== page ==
" If in the Name of the Rose Eco has acheived a fine balance between his love of ideas and his responsibilities as a novelist here he has failed to the detriment of the reader. "

  • 2 out of 52 out of 52 out of 52 out of 52 out of 5 Adam | 1/27/2014

    " Definitely my least favorite of his novels. "

  • 2 out of 52 out of 52 out of 52 out of 52 out of 5 Elizabeth B. | 1/20/2014

    " Wonderful atmosphere--hard to follow. Can't quite remember the "argument" of this one. I guess the guy on the boat is stranded in time on the international dateline. More than that, I just can't say. "

  • 1 out of 51 out of 51 out of 51 out of 51 out of 5 Gregg | 1/19/2014

    " A wandering, pointless work with a thin plot. I only finished it because it was Eco, and haven't read anything by him since. Did he improve? "

  • 4 out of 54 out of 54 out of 54 out of 54 out of 5 Jakey | 1/18/2014

    " Really good until the very end and then hard to finish. Read if you like 14th century European Scientific fallacies and the search for longitude. "

  • 1 out of 51 out of 51 out of 51 out of 51 out of 5 Zoe Whitecross | 12/19/2013

    " I tried...3 times I tried, but it just didn't grab me at all. "

  • 1 out of 51 out of 51 out of 51 out of 51 out of 5 Daryl | 11/30/2013

    " This book was not for me - too much imagery of things I have no knowledge of. And the plot, if there was one, went nowhere. A guy os stuck on a boat because he is too afraid to swim to the adjacent island so he writes about his own history. That was about all I could gather from this book. "

  • 5 out of 55 out of 55 out of 55 out of 55 out of 5 Bruce Davis | 11/12/2013

    " I love this book. I've read it twice. "

  • 2 out of 52 out of 52 out of 52 out of 52 out of 5 Dergrossest | 10/27/2013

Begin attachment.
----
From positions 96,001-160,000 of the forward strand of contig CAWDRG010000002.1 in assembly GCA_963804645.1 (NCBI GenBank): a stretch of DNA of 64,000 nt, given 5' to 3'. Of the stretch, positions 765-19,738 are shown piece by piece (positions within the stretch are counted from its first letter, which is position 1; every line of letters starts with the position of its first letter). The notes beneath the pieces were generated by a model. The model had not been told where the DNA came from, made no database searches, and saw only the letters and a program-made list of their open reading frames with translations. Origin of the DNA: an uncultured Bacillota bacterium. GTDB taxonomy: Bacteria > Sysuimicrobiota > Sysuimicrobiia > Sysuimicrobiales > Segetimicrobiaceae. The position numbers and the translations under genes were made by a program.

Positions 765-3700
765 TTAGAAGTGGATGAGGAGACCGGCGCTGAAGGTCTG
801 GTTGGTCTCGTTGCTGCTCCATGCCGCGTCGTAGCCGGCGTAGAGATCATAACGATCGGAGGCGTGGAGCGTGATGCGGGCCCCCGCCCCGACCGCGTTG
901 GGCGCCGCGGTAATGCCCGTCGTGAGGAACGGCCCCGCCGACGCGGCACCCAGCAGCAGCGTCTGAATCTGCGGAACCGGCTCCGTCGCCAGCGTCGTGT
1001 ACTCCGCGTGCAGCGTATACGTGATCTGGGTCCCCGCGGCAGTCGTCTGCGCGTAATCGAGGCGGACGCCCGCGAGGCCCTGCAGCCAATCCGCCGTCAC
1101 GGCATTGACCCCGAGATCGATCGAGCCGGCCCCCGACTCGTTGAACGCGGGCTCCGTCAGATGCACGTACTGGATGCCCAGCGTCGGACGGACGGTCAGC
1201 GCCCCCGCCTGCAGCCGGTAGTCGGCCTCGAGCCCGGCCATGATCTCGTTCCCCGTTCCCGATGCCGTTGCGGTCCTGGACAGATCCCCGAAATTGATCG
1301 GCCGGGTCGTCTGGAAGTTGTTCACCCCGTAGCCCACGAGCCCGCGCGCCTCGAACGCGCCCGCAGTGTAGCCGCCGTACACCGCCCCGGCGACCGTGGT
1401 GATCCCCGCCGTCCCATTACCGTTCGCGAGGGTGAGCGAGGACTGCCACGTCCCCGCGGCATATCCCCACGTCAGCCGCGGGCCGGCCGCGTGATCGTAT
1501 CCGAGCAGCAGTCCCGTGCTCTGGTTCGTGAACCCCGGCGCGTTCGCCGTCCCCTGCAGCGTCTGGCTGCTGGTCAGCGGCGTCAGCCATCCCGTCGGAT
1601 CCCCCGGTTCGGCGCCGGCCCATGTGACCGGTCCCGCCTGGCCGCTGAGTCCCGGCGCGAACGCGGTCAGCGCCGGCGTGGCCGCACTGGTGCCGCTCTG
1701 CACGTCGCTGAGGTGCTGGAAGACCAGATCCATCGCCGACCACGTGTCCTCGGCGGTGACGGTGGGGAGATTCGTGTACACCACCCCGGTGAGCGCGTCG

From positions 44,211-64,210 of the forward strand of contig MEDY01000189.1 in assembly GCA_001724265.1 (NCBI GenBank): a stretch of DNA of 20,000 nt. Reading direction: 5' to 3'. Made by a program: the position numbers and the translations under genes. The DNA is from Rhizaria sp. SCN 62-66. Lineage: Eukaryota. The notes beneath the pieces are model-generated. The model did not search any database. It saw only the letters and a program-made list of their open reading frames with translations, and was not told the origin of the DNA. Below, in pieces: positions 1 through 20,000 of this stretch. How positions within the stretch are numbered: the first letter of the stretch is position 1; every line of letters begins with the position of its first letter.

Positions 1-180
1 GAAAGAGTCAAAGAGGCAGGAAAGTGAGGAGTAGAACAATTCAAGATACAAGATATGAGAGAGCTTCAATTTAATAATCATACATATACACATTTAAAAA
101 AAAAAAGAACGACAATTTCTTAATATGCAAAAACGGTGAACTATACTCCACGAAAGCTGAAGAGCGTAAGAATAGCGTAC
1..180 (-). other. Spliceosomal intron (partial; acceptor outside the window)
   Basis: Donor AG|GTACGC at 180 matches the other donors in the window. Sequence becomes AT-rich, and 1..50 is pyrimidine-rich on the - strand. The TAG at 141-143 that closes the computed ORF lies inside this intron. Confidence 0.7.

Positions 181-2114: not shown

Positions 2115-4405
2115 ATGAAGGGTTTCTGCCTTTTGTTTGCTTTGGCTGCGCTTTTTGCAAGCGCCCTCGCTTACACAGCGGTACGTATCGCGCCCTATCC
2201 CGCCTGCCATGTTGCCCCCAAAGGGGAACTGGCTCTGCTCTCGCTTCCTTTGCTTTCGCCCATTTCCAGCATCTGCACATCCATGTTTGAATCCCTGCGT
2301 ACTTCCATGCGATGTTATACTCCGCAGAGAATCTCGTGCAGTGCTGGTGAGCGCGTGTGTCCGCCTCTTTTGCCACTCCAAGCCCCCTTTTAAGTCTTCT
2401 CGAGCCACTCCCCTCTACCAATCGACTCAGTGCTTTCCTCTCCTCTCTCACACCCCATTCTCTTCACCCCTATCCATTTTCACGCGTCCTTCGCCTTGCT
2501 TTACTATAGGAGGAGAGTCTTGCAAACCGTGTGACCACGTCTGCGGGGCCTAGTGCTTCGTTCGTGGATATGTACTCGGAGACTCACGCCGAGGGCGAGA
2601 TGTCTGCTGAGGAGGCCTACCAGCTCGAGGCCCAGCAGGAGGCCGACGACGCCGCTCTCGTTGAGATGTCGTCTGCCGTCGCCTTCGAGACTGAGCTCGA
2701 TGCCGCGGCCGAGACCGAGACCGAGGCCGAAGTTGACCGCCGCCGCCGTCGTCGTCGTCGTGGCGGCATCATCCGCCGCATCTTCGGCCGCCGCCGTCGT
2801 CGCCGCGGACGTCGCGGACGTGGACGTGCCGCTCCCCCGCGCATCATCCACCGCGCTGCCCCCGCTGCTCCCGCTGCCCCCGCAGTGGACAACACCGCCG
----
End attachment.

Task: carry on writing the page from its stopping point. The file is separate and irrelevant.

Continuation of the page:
" This is a rough book. Maybe it's brilliant, but I just didn't get it. I just got a headache. "

  • 3 out of 53 out of 53 out of 53 out of 53 out of 5 Gustavo | 8/31/2013

    " More readable than the Foucaults Pendulum, but still too dense. "

  • 5 out of 55 out of 55 out of 55 out of 55 out of 5 LMW | 3/27/2013

    " One of my favorite Eco books! It is complex, and takes things to a different meaning. His explanation of 'Love conquers all!' is great! "

  • 5 out of 55 out of 55 out of 55 out of 55 out of 5 Matt | 2/6/2013

    " I first read this on a plane and had to re-read it later because that environment just didn't do it justice. As a sequence of events it can seem pretty dry and long-winded, but as an examination of scientific and philosophical beliefs in the time period it's wonderful. "

  • 4 out of 54 out of 54 out of 54 out of 54 out of 5 Zero Jones | 12/21/2012

    " Imagine looking at an island just over the international date line and knowing it was yesterday over there. This book deals with the paradoxes of space and time, while never failing to entertain the reader. A work of lyrical fiction (even when read in translation). "

  • 4 out of 54 out of 54 out of 54 out of 54 out of 5 Fabiana | 1/16/2012

    " Tortuously erudite, but engrossing. As painful as pleasurable. "

  • 4 out of 54 out of 54 out of 54 out of 54 out of 5 Rebecca | 11/14/2011